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WIPO Arbitration and Mediation Center
ADMINISTRATIVE PANEL DECISION
Prada S.A. v. Prada/Elite Model
Case No. D2008-0125
1. The Parties
The Complainant is Prada S.A., of Luxembourg, represented by Studio Legale Jacobacci e Associati, Italy.
The Respondent is Prada/Elite Model, of China.
2. The Domain Name and Registrar
The disputed domain name <topmodel-prada.net> is registered with Directi Internet Solutions d/b/a PublicDomainRegistry.Com.
3. Procedural History
The Complaint was filed with the WIPO Arbitration and Mediation Center (the “Center”) on January 28, 2008. On January 29, 2008, the Center transmitted by email to Directi Internet Solutions d/b/a PublicDomainRegistry.Com a request for registrar verification in connection with the domain name at issue. On January 30, 2008, Directi Internet Solutions d/b/a PublicDomainRegistry.Com transmitted by email to the Center its verification response confirming that the Respondent is listed as the registrant and providing the contact details. In response to a notification of January 30, 2008 by the Center that the Complaint was administratively deficient, the Complainant filed an amendment to the Complaint on February 4, 2008. The Center verified that the Complaint (together with the amendment to the Complaint) satisfied the formal requirements of the Uniform Domain Name Dispute Resolution Policy (the “Policy”), the Rules for Uniform Domain Name Dispute Resolution Policy (the “Rules”), and the WIPO Supplemental Rules for Uniform Domain Name Dispute Resolution Policy (the “Supplemental Rules”).
In accordance with the Rules, paragraphs 2(a) and 4(a), the Center formally notified the Respondent of the Complaint, and the proceedings commenced on February 8, 2008. In accordance with the Rules, paragraph 5(a), the due date for Response was February 28, 2008. The Respondent did not submit any response. Accordingly, the Center notified the Respondent’s default on February 29, 2008.
The Center appointed Wolter Wefers Bettink as the sole panelist in this matter on March 10, 2008. The Panel finds that it was properly constituted. The Panel has submitted the Statement of Acceptance and Declaration of Impartiality and Independence, as required by the Center to ensure compliance with the Rules, paragraph 7.
The language of the proceedings is English.
4. Factual Background
The Complainant is Prada S.A., a company active in the international fashion and luxury goods business. The Complainant’s creations are displayed by (top)models in fashion exhibitions and events all over the world.
The Complainant is the owner of the following trademark registrations:
- PRADA, registered with the World Intellectual Property Organization on May 17, 1990, under registration number 556183 (Annex 2, Complaint);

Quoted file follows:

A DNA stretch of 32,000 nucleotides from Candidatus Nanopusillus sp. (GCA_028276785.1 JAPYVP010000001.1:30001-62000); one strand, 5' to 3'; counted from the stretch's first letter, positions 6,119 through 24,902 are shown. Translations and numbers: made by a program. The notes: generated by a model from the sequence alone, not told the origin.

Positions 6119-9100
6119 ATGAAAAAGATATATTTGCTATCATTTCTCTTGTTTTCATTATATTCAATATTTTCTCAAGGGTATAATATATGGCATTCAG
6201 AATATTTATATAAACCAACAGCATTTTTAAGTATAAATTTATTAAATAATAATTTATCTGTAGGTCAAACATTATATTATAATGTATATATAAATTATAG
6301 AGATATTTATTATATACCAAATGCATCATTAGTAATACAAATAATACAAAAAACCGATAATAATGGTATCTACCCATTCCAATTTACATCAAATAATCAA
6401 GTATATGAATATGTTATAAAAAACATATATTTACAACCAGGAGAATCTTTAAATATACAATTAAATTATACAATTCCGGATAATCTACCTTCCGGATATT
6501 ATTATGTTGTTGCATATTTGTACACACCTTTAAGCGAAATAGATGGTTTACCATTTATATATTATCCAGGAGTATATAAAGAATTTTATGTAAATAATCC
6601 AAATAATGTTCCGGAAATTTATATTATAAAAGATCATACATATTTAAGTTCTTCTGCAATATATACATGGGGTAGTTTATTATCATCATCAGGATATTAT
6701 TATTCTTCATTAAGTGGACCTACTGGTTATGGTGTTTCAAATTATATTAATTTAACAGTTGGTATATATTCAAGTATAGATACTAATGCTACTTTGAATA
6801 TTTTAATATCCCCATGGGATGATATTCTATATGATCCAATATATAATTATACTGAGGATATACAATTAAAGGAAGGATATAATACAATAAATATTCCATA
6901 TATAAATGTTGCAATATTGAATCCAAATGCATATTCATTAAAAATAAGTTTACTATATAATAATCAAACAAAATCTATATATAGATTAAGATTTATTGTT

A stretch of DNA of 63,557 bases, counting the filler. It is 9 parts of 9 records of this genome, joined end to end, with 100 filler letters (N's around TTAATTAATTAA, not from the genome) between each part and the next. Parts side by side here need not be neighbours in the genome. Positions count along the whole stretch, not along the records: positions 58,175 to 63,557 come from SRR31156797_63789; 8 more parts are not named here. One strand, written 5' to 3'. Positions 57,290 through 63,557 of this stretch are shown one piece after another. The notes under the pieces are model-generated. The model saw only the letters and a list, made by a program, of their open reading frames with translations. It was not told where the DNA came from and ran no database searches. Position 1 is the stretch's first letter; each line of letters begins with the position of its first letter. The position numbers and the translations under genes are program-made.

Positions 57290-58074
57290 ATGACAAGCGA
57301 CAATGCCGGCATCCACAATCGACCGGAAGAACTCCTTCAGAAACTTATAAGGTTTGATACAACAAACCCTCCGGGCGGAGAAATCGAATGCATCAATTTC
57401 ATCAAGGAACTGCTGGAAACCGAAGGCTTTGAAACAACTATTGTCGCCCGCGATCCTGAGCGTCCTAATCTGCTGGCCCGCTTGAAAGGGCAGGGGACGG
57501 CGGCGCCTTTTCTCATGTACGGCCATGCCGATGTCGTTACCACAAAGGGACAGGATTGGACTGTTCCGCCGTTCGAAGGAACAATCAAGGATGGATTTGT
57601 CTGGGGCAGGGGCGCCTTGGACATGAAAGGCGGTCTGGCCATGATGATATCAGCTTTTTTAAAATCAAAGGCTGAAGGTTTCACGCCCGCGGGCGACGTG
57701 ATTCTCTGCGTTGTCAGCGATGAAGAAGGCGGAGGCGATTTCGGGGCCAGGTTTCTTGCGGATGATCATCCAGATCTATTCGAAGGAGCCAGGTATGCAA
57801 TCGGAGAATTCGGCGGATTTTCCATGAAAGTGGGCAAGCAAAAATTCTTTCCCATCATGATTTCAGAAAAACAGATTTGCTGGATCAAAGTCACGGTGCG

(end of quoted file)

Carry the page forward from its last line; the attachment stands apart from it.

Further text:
- PRADA, registered with the World Intellectual Property Organization on July 8, 1978, under registration number 439174 (Annex 3, Complaint);
- PRADA, registered with the Office for Harmonisation in the Internal Market (European Community registration) on November 8, 2000, under registration number 271163 (Annex 4, Complaint);
- PRADA, registered with the Italian Intellectual Property Office under registration number 809346 (Annex 5, Complaint);
- PRADA, registered with the United States Patent and Trademark Office on June 29, 2000, under registration number 2,135,219 (Annex 6, Complaint).
The Respondent registered the disputed domain name on November 6, 2007.
5. Parties’ Contentions
The Complainant contends that the disputed domain name is confusingly similar to its trademarks. According to the Complainant, its trademarks are famous throughout the world. The Complainant notes that its trademark PRADA has been found famous by previous UDRP Panels.
The Complainant contends that the Respondent has no right or legitimate interest in respect of the disputed domain name. According to the Complainant, the Respondent uses the disputed domain name in connection with offering of escort services, which is illegal in several countries. According to the Complainant, sales of illegal goods or services can never be considered “a bona fide offering of goods or services” or “a legitimate non-commercial or fair use, without intent for commercial gain to misleadingly divert consumers or to tarnish the trademark or service mark at issue”.
The Complainant further contends that the disputed domain name was registered and is being used in bad faith. According to the Complainant, the offering of escort services tarnishes its trademark PRADA, since the world-famous trademark PRADA is usually associated with the highest standards of luxury. The Complainant contends that should the trademark be associated with sexual services or prostitution sold via internet, the risk of disparagement is obvious.